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When do you need IIS Web Garden feature. What's pro's and con's?

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closed as not constructive by bmargulies, Jav_Rock, Pent Ploompuu, Baz, Vache Sep 30 '12 at 11:50

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3 Answers 3

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Complete answer from David Wang.
Pros:

  • An interim solution for faulty applications.

Cons:

  • Worse overall performance.
  • Prevent the use of session state in the process. So in statefull application you have another performance penalty to serialize the state to an external store.
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If you have a multi-processor web-server (and most environments do have one) and performance is low and CPU utilization is low as well, you might want to consider a web garden. The basic idea is that instead of a single worker process for the IIS Service, a garden has one worker process per CPU, thereby boosting performance.

Here is how to configure the garden.

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6  
But threads within a single worker process also utilize multiple CPU's. –  hakan May 17 '10 at 12:25

Web Gardens help immensely with improving process intensive managed code. Without WG, all threads servicing requests contend for same resources. When threads attempt to allocate memory, they often induce Garbage Collection. The Garbage Collection activity freezes all threads while it cleans up memory and grants the request. This happens for almost every running thread. By splitting the workload over multiple processes, each process has its own managed memory space and its own garbage collections. Overall CPU processing goes up only marginally, but CPU% for the W3WP.exe drops significantly, transaction execution time drops, and transactions per second rate goes up.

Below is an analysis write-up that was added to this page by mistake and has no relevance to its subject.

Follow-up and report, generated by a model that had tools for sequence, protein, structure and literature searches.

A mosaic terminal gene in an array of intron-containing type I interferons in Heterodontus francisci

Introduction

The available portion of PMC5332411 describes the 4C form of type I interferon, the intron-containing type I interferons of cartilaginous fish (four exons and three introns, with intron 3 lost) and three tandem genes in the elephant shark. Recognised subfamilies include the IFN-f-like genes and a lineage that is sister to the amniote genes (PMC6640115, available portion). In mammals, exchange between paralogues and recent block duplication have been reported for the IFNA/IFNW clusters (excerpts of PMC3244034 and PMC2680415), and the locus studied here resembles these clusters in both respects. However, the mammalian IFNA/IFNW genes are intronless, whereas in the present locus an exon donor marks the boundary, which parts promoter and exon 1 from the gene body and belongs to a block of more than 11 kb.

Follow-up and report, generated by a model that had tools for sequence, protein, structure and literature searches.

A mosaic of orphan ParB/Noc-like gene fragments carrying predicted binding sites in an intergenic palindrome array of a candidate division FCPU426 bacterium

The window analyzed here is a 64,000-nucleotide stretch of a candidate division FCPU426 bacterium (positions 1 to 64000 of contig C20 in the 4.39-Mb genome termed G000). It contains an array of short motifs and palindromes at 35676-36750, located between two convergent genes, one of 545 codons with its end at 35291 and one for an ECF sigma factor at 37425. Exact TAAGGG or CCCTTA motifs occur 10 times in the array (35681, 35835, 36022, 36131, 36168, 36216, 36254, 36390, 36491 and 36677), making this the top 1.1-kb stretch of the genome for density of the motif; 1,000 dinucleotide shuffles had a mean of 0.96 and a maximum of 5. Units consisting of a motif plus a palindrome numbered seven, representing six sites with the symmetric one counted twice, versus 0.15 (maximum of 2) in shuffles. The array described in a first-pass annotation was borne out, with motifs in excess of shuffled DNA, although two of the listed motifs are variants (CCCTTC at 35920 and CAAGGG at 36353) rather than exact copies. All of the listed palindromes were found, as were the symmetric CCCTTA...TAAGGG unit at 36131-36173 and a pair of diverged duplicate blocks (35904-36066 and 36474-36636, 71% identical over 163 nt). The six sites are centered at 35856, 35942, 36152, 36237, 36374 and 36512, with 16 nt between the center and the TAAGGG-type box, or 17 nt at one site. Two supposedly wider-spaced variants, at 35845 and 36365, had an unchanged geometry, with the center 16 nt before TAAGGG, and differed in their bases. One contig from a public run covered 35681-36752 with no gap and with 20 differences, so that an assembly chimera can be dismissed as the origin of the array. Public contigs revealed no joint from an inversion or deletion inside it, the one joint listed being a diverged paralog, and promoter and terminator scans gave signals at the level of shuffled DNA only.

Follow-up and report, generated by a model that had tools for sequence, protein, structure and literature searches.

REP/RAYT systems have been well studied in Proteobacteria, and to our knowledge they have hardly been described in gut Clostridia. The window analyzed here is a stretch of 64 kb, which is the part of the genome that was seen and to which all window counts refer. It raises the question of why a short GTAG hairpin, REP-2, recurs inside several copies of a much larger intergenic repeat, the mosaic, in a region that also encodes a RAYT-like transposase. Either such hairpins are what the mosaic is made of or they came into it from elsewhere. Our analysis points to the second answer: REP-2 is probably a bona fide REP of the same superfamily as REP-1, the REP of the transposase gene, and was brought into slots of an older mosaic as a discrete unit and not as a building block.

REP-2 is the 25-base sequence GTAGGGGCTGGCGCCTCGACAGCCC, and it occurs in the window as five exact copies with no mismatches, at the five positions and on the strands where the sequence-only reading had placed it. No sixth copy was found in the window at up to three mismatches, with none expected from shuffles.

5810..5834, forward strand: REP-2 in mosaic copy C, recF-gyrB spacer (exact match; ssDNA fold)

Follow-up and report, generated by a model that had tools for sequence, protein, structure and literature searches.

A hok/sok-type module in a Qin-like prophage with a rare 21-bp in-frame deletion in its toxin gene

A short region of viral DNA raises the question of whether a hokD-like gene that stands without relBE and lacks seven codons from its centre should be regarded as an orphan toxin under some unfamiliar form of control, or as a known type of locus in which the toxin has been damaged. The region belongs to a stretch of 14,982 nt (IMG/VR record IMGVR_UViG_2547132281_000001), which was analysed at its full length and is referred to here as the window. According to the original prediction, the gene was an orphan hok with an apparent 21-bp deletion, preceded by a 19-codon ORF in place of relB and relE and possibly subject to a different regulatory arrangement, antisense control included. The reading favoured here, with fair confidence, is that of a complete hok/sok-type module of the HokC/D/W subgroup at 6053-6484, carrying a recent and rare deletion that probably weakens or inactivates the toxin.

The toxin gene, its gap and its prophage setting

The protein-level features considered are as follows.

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This is a lot of nonsense. Without WG, all threads... contend for same resources A WG still contends for the same pool of server resources, but adds the overhead of an additional process to the mix. When threads attempt to allocate memory, they often induce garbage collection A WG's only effect on this is to make it worse, by adding even more threads to the mix (each process gets its own set of worker threads, which is ostensibly the reason for having a WG in the first place). Each process has its own managed memory space again; making things worse, not better.... cont... –  Andrew Barber Aug 31 '12 at 20:40
    
Overall CPU processing goes up only marginally if that's true, then WG wasn't the correct solution in the first place (async operations would have been better) but the CPU for W3WP.exe drops significantly complete nonsense, transaction time drops and transactions per second rate goes up rarely; if the app was badly designed in the first place. –  Andrew Barber Aug 31 '12 at 20:42

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